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Dr. Shankar P.R.

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On April 2011

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On Jan 2020

Important Notice

Original article / research
Year : 2012 | Month : May | Volume : 6 | Issue : 3 | Page : 385 - 387 Full Version

Haemophilus Influenzae, an Underdiagnosed Cause of Respiratory Tract Infections

Published: May 1, 2012 | DOI:
Rekha Rai, Vimal Kumar K., Ganesh Ramanath, Krishnaprasad Madle S., Sanjeev Hosdurg, Asha Pai K.B.

1. MD, Associate Professor, 2. MD, Professor 3. M.Sc, Lecturer 4. MD, Professor & HOD 5. MD, Assistant professor 6. MD, Assistant professor NAME OF DEPA RTMENT(S)/INSTITUTION(S) TO WHICH THE WORK IS ATT RIBUTED: Department of Microbiology of K S Hegde Medical Academy

Correspondence Address :
Rekha Rai, MBBS, MD
Associate professor, Department of microbiology,
K.S.Hegde Medical Academy,
Deralakatte, Mangalore - 575018.
Karnataka State, India
Phone:+91-0824-2204490-92; Fax: +91-0824-22014162
Mobile: 09480366683


Background: Haemophilus influenzae is an obligate human parasite that is transmitted from person to person by the respiratory route. This organism causes several diseases which range from chronic respiratory to serious invasive infections. Haemophilus influenzae is prevalent worldwide, and the morbidity and mortality of the associated disease increases with the complications and therefore a laboratory diagnosis is a vital necessity.

Aims and Objectives: The intention of the present study was to determine the prevalence of Haemophilus influenzae in patients who were suffering from respiratory tract infections and to study its antibiotic sensitivity pattern.

Methods: Samples were collected from144 patients with upper and lower respiratory tract infections, who were segregated by their age groups. All the samples were analyzed in a specific manner, which included gram staining, culture and biochemical reactions for the identification of the organism. Antibiotic sensitivity testing was performed for the isolated organism. Based on the findings, the results were analyzed.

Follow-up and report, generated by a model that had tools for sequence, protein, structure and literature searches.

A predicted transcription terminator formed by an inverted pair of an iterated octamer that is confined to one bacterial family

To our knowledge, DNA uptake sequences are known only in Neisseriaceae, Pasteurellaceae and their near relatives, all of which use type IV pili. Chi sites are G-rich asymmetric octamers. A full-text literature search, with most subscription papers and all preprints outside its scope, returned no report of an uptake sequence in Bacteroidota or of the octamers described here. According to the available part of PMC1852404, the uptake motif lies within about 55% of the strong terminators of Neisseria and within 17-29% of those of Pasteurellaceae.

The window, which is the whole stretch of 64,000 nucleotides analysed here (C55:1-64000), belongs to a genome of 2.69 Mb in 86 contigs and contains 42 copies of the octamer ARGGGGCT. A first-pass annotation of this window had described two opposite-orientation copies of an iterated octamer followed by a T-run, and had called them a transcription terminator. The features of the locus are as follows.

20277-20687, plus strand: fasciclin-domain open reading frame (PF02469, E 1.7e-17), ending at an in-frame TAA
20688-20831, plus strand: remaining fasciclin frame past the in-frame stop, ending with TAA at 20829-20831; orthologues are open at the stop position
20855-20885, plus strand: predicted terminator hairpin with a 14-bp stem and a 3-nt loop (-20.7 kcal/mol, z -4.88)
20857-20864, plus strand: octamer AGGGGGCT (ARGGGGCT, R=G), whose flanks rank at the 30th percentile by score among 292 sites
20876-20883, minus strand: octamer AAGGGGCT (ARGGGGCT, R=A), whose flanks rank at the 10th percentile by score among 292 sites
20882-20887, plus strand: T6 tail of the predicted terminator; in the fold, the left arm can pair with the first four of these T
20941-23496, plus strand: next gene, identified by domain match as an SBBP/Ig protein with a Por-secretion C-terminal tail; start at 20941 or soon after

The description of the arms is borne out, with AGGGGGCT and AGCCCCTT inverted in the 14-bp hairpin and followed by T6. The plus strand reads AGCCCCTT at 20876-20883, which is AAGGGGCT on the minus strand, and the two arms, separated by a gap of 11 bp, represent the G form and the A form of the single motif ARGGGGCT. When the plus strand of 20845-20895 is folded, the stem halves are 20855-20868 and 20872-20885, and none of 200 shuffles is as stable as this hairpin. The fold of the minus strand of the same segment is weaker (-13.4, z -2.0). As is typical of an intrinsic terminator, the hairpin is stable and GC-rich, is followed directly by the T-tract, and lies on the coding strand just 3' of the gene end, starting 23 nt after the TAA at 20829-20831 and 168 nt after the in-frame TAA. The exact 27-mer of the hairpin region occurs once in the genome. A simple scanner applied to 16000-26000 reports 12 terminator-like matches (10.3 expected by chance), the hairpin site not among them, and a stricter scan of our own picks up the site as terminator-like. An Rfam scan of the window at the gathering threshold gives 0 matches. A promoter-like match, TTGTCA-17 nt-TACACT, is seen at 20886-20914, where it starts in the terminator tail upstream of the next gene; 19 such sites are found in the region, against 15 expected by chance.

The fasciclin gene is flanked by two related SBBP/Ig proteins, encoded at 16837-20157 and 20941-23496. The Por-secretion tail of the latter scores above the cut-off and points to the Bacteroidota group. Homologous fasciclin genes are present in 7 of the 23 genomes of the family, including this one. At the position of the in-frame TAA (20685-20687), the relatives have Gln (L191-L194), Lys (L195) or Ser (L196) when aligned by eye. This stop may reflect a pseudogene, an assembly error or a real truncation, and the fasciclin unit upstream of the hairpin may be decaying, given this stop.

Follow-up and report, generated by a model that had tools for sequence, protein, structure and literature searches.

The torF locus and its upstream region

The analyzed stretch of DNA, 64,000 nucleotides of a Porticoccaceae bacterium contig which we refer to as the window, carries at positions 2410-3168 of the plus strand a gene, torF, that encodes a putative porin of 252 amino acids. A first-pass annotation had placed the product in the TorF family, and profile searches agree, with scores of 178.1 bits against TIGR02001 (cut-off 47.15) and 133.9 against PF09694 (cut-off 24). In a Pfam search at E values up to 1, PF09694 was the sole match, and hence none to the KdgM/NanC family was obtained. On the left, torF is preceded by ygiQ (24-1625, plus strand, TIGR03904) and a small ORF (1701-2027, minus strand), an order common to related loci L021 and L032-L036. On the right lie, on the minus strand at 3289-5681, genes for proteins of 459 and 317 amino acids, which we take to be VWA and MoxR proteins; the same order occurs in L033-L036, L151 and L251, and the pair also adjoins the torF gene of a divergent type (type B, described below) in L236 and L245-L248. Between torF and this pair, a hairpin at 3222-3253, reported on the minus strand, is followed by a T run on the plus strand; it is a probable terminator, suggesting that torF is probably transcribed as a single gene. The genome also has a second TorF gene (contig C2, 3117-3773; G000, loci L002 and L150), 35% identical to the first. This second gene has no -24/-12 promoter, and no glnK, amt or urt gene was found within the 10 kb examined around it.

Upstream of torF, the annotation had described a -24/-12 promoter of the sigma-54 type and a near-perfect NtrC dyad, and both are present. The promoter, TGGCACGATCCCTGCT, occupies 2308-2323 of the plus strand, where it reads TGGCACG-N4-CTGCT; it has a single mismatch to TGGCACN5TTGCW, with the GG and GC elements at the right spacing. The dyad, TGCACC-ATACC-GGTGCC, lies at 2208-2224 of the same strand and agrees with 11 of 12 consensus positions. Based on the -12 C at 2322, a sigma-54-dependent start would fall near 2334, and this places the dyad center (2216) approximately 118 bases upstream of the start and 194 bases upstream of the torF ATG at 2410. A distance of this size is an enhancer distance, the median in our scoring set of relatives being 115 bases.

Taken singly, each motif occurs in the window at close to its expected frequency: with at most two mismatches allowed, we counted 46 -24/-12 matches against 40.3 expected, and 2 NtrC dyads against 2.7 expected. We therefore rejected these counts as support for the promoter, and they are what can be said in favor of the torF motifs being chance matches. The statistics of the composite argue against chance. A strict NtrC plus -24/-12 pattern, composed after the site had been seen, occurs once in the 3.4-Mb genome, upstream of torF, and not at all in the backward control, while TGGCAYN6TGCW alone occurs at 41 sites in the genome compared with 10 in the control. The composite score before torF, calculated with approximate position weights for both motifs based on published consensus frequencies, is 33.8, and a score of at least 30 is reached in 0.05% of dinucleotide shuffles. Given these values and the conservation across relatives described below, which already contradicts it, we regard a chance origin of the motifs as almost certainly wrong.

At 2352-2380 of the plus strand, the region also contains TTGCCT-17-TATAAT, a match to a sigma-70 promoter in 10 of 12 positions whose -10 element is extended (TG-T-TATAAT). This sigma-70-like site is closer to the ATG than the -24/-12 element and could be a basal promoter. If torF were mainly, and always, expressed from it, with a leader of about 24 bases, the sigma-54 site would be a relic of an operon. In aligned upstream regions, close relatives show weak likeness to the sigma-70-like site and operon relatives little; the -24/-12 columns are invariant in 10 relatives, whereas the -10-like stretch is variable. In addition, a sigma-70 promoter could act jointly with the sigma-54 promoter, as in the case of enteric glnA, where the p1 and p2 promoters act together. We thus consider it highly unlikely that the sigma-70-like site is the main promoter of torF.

Results: The results showed a prevalence of 18.05%, with the maximum numbers of isolates in patients of the age group of 0-10 years and the least number of isolates in patients of the age group of 21-30 years. The antibiotic sensitivity pattern showed a high susceptibility to the commonly used antibiotics.

Interpretation and Conclusion: An overall finding showed that the prevalence of Haemophilus influenzae in patients with respiratory tract infections was 18.05%, with a higher prevalence in the paediatric age group. Specific isolation of the organism and sensitivity testing are essential to enable the proper administration of antibiotics for early treatment and prevention.


Haemophilus influenzae, X and V factor, Levinthal agar, Haemophilus spp.culture, Satellitism

Members of the genus, Haemophilus, form part of the indigenous flora of the mucous membrane of the human upper respiratory tract and the mouth. However, some species such as Haemophilus influenzae causes diseases which range from chronic respiratory infections to serious invasive infections. Haemophilus influenzae type b (Hib) was the single most important cause of meningitis in children in the US before the availability of vaccines (1). Haemophilus influenzae is an important cause of acute, recurrent and persistent infections of the human respiratory tract. This organism is found in 8% of the pneumonias. More than 95% of the invasive infections are associated with type b encapsulated H. influenzae. The non-encapsulated strains also play an important role in chronic bronchitis, and they are the most common cause of pneumonia in adults. These strains are also an important cause of lower respiratory tract infections in patients with cystic fibrosis (2).